Advent: Awaiting Something for Our Weakness
He became man who was God, by receiving what He was not, not by losing what He was: so God became man. There you have something for your weakness, something for your perfection. Let Christ raise you by that which is man, lead you by that which is God-man, and guide you through to that which is God. (Saint Augustine,
O ye beneath life's crushing load,
Whose forms are bending low,
Who toil along the climbing way
With painful steps and slow;
Look now, for glad and golden hours
Come swiftly on the wing;
Oh rest beside the weary road
And hear the angels sing.
(Edmund Hamilton Sears,
from "It Came Upon A Midnight Clear," 1849)
The skeptics among us will note that, archaeologically speaking, Christ most probably was born in May—not in December, during the Yuletide Season (which, when He was born, was most emphatically not the Yuletide Season).
But such quibbling about the mere "facts" of the situation miss the point. So why does the Church choose to celebrate the Incarnation at a time of the year that does not correspond to the facts of Christ's birth? We celebrate Christmas and the Incarnation at the Winter Solstice precisely because of what the Incarnation is: the blazing of God's light, the shining of His Presence in time that sparks the blaze of eternity through all times.
Incarnation is how God ends our darkness:
In the beginning was the Word: and the Word was with God: and the Word was God. The same was in the beginning with God. All things were made by him: and without him was made nothing that was made. In him was life: and the life was the light of men. And the light shineth in darkness: and the darkness did not comprehend it. (John 1:1-5, RHE)
The Church witnesses to the world the Good News of the Birth of Christ by celebrating the Incarnation at the time of year in which the days are the shortest and the nights the longest, days which set the pagan imagination trembling with the thought that the Sun would not return and endless night would reign.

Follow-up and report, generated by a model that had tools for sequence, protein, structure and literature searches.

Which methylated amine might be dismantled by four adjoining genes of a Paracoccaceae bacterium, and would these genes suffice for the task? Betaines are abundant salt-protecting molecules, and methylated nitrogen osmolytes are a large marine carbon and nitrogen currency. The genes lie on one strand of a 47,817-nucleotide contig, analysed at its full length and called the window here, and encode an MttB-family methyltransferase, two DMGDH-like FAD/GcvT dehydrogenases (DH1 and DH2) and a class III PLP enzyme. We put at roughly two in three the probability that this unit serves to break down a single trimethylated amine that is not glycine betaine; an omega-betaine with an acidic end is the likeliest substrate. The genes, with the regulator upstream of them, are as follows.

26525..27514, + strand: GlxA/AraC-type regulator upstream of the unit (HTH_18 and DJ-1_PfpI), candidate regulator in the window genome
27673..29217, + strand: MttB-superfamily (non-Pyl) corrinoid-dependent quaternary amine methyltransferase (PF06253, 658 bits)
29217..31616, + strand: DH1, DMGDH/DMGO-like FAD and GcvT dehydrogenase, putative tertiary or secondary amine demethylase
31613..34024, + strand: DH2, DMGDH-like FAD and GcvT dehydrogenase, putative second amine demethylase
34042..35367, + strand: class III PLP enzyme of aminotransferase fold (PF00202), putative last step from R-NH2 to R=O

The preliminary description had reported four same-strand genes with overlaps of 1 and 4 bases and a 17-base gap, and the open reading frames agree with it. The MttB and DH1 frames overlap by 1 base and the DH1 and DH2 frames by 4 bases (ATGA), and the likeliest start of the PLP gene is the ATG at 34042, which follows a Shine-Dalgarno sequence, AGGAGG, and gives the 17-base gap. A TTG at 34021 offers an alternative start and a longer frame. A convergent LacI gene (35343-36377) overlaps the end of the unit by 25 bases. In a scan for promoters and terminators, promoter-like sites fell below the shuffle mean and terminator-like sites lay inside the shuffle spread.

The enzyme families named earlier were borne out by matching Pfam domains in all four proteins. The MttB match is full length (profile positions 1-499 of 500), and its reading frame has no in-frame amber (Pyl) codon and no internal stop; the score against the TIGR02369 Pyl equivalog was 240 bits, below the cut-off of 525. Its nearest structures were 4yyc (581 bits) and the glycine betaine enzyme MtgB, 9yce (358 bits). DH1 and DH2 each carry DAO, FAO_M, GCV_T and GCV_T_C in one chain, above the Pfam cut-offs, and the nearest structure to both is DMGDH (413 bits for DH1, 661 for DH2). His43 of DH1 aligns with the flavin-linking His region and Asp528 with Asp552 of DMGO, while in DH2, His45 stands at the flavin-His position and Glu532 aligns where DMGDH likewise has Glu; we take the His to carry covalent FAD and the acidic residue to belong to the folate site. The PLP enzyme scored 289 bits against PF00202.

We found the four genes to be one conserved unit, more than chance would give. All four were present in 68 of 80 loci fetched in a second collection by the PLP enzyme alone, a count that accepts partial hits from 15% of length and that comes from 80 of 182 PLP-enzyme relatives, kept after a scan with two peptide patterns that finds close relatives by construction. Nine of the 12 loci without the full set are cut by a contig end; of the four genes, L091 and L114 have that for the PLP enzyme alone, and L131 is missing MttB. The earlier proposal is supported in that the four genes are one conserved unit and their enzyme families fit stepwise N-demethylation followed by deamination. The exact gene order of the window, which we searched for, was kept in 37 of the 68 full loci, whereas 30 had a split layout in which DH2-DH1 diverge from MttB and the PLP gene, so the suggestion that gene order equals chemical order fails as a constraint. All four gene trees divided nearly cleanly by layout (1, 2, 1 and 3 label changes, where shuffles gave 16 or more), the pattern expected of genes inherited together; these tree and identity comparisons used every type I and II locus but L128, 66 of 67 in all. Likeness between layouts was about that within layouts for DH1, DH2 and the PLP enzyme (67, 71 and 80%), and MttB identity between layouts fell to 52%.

Indeed, our capacity to sin and stumble sometimes makes us think that we have no remedy, that we will always be darkened, that our shadows will snuff out our candled souls.
Christ comes on the coldest, longest, darkest night of the soul to shed light on our birthright: as He is the Light shone forth in the darkness that the darkness comprehends not, so we are little Christs, spoken by God as shining words against the darkness, and en masse, as Christ's resurrected Body, the Church, we shine so brightly that even the gates of hell cannot prevail against our assault.
Take heart this Advent! Christmas is no mistake, nor superstition, nor one "holiday" among others. It is the Day of Our Holiness, the Day that God shines forth in the darkness to reveal to us beneath life's crushing load, who toil along the climbing way, that we are made by Him, redeemed by Him, and resurrected by Him to be His light against the darkness.
We do not wait for a mere holiday sale. We do not wait merely for a Christmas morning or another party or a few days off. We await the full play of the Light of God throughout the mystery of history. We await our fulfillment in Him. We rejoice in this stillness, this waiting, this hope.
May you have a blessed Advent.